3 Mar 2020
RBA Rate Cut - March 2020 meeting
- Chris Lioutas - PSK Chief Investment Officer
At their March meeting, the RBA cut the cash rate by 0.25% to 0.50% to help support the economy as it responds to the bushfires and the global Coronavirus outbreak.
The RBA had as recently as February confirmed that they were very reluctant to cut rates any further, largely took quantitative easing (money printing) off the table, and had been applying pressure on the Federal Government to provide fiscal stimulus in the May budget.
What has forced their hand at the meeting is the likely local economic impact from the Coronavirus in the short term as our biggest trading partner’s economic activity grinds to a halt. What also forced their hand is the likely moves from other developed market central banks (US, Europe, Japan) who are likely to provide further stimulus (rate cuts and/or money printing) in the coming months to help their countries / regions better handle the economic impacts from the Coronavirus. Further stimulus from those central banks would put downward pressure on their currencies, thus leaving the Aussie dollar exposed to a potential rise, which is the last thing the Australian economy needs right now.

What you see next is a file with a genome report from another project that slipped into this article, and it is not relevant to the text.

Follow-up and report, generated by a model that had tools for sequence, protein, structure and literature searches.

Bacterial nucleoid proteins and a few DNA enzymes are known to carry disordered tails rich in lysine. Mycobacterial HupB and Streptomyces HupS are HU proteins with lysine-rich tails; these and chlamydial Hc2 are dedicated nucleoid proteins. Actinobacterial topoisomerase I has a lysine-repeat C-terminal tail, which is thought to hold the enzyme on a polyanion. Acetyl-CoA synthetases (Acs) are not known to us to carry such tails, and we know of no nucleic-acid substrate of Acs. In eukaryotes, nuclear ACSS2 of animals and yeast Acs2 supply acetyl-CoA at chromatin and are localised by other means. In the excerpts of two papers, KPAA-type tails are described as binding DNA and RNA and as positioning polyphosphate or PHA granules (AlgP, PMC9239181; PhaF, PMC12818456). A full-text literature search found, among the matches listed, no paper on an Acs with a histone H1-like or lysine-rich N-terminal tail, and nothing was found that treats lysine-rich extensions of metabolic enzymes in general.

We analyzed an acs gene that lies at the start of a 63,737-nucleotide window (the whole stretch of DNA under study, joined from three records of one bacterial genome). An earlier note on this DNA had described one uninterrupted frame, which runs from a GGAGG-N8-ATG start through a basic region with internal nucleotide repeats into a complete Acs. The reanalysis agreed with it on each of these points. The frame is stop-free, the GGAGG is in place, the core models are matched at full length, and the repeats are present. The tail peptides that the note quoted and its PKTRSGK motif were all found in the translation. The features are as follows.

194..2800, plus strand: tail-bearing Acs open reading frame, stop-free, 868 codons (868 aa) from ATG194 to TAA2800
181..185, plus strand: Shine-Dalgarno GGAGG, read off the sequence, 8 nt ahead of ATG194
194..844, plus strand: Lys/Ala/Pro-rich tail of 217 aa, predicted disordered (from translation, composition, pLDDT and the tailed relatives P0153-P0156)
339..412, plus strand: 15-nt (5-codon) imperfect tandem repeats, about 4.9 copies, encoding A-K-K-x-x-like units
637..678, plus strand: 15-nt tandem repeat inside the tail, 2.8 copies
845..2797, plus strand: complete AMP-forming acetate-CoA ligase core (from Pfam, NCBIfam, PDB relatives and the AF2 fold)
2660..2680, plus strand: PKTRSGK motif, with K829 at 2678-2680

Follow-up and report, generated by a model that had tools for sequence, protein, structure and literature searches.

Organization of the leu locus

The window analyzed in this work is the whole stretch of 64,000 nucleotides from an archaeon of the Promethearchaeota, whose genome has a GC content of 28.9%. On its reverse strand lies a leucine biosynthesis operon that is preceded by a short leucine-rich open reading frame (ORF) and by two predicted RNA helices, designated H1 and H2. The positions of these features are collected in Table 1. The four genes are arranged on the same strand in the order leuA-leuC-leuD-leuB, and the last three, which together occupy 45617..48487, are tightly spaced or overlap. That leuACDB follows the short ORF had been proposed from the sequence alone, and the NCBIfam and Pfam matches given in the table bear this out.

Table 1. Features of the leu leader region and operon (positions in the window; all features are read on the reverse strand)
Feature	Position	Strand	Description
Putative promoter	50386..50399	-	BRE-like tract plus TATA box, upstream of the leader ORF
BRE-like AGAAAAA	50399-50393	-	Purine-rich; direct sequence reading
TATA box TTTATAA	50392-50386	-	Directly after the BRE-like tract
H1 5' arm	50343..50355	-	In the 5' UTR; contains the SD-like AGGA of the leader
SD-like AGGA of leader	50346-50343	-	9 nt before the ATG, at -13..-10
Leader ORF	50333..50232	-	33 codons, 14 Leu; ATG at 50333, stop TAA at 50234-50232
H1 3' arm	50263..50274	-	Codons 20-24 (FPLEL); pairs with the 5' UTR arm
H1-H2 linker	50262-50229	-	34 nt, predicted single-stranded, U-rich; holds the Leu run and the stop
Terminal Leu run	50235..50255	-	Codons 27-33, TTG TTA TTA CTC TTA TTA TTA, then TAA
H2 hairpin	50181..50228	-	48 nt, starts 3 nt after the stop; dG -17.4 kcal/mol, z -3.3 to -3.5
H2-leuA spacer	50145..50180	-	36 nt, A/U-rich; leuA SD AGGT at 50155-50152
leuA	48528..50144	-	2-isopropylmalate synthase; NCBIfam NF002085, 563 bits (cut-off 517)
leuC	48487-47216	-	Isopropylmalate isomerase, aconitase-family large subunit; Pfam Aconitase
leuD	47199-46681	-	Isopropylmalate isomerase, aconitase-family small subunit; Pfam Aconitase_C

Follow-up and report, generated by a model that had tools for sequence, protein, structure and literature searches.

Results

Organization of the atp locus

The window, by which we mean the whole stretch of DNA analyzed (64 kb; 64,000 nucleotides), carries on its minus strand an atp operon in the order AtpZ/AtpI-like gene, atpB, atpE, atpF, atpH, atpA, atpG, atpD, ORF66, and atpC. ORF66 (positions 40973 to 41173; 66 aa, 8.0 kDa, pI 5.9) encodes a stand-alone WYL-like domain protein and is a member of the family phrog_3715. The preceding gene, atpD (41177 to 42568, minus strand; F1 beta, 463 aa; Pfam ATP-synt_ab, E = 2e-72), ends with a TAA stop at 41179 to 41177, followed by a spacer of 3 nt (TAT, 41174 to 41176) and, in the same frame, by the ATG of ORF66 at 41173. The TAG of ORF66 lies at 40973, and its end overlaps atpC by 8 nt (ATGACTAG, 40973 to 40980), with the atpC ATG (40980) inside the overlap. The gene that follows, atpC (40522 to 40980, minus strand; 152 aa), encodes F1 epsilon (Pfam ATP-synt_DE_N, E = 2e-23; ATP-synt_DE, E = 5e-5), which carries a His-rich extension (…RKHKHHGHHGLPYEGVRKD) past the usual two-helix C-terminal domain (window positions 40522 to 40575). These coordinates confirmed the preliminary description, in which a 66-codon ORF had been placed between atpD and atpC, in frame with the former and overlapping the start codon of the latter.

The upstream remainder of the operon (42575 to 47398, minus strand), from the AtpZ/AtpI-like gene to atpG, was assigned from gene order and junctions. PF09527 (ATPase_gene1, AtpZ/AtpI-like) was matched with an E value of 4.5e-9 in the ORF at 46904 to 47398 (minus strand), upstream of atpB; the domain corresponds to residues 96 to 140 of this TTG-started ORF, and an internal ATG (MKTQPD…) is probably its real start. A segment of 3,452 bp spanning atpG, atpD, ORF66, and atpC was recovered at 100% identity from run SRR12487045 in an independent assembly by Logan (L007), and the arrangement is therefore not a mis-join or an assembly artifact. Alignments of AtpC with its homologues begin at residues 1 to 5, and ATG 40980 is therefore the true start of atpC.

It’s also likely the RBA Board has a good handle on the potential Federal Budget changes we’re likely or unlikely to see in May, which may have proven to be too late or too little, or both, relative to the drop in economic activity from the bushfires and the Coronavirus.
There was plenty of conjecture prior to today as to what the Aussie banks might do in response. Westpac, probably the most desperate of the banks from a positive PR perspective, almost immediately announced they would pass on the full rate cut. Given the recent pick-up in the housing market and the highly competitive nature of the big 4 banks in the current environment, it will be difficult for the other banks not to follow suit.
The RBA signed off their statement that they stand ready and willing to ease policy further to further support the Australian economy.
The move today will support asset prices in the short term.